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Culture Economics Family

The Propensity to Propagate

Every time I go into Wal-Mart and see the weary-looking mother dragging two or three children behind her, with one in the cart and another in the oven, I have to ask myself, “What possessed this person to propagate herself out of a life? Was it intentional, or just purely a case of negligence and indifference?

Whatever it is, it is historically consistent, and not totally a result of a particular nationality, religion, or race. Some of us simply seem to have a propensity to procreate ourselves into poverty more than others, and this becomes a bitter, disastrous cycle, which has a significant effect on the rest of us. I’ll be honest with you: in many respects I think it’s a blind selfishness – assuming someone else will pick up the tab – and I’m tired of paying more than my share.

Whether you believe that this unconstrained conjugation is a good thing or a bad thing, no one can argue that this is dramatically affecting the world as we know it, and the future of the world for those who will inherit it. We have always bred with a natural ferocity – it was a necessary part of survival when, in the past, attrition due to nature, beasts, and our fellow man, was well over 50 percent. But today, we have developed more ways to defeat numerous diseases, and the great equalizers such as plagues are no longer as much of an issue. In addition, we have gone through nearly a hundred years without a major world war. All of this sounds good. But we are basically changing the natural process. We are growing more people than we have the natural resources to accommodate.

More than 7 billion people currently inhabit the planet, compared to only 3 billion in 1967. (Think about those numbers and that incredible growth/timeframe for just a moment.) Only 200 years ago the world population was a comfortable 1 billion. Every year about 135 million people are born and 55 million people die, adding 80 million to our global population. (Eighty million people a year!) Adding insult to injury, we have places like Africa and the Middle East, where the practice of birth control is non-existent, and the concept of “child brides” is growing with frightening momentum. Those areas have developed a process of “children making children” that diminishes not only the quality of life but the ability for certain stratums of people to advance in any fashion. The cultural practices in those countries, or the lack of cultural ethics, combined with a constant regional warfare and what seems to be an inability to grasp the basic elements of industry and enterprise, creates a new, totally dependent class in a nation that can’t take care of the people it already has. At that point, the population begins to seek asylum in other countries, taking their philosophy of propagation without logic with them. We’re seeing how well that’s working out.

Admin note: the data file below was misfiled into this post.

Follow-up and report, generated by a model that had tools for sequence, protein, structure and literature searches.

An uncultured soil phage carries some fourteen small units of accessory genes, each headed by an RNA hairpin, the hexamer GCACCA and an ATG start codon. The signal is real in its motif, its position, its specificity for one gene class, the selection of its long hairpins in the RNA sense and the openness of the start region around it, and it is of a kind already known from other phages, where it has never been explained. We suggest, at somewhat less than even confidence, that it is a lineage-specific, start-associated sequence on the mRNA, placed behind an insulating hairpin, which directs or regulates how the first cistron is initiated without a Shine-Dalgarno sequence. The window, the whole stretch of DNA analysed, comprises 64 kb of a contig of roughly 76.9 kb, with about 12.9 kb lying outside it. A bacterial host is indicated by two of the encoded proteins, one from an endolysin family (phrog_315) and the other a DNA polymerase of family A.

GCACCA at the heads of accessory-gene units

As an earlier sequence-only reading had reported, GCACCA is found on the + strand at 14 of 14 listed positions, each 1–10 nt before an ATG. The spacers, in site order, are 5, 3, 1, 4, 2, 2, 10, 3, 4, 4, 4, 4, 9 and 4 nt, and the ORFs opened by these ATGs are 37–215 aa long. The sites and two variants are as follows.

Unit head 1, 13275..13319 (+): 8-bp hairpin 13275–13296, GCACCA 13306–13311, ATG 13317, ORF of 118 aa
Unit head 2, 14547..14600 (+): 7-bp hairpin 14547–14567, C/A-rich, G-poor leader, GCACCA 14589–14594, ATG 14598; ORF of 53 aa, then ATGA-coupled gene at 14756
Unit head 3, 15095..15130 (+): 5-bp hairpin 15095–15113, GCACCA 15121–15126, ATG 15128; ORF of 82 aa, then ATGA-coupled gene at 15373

At some point we have to shift the emphasis from human rights to human responsibilities – to recognize and act on the obligations we now have individually and collectively as the primary species on this planet.

One of the greatest challenges we face, is that the most significant increase in population is in the lowest economic and least educated stratums around the world (and this is significantly true in developed nations). For example, America is seeing a shrinking middle and upper class (who have a tendency to practice some degree of birth control) and a burgeoning growth in the less distinguished classes. Anyone with half a brain can see that’s a formula for disaster.

Now, I’m not necessarily promoting a forced or controlled birth rate, like China. But unless we can educate people in the practice and the value of contraception, unless we move away from the concept of a people who are taken care of by their government and increase the elements of independence and responsibility, we are going to propagate ourselves into national poverty and ecological disaster.

The views expressed in this opinion article are solely those of their author and are not necessarily either shared or endorsed by

About the author

Michael Reisig

Michael Reisig

Michael Reisig has been writing professionally for 15 years. He is an award-winning newspaper columnist and a best-selling novelist. Be sure to check out his latest 2-part best-sellers, "Caribbean Gold - The Treasure of Tortuga and The Treasure of Time" -- "If you have enjoyed Michael Reisig’s best-selling “Road To Key West” novels, you will love his new “Caribbean Gold” series, which begins with “The Treasure of Tortuga."

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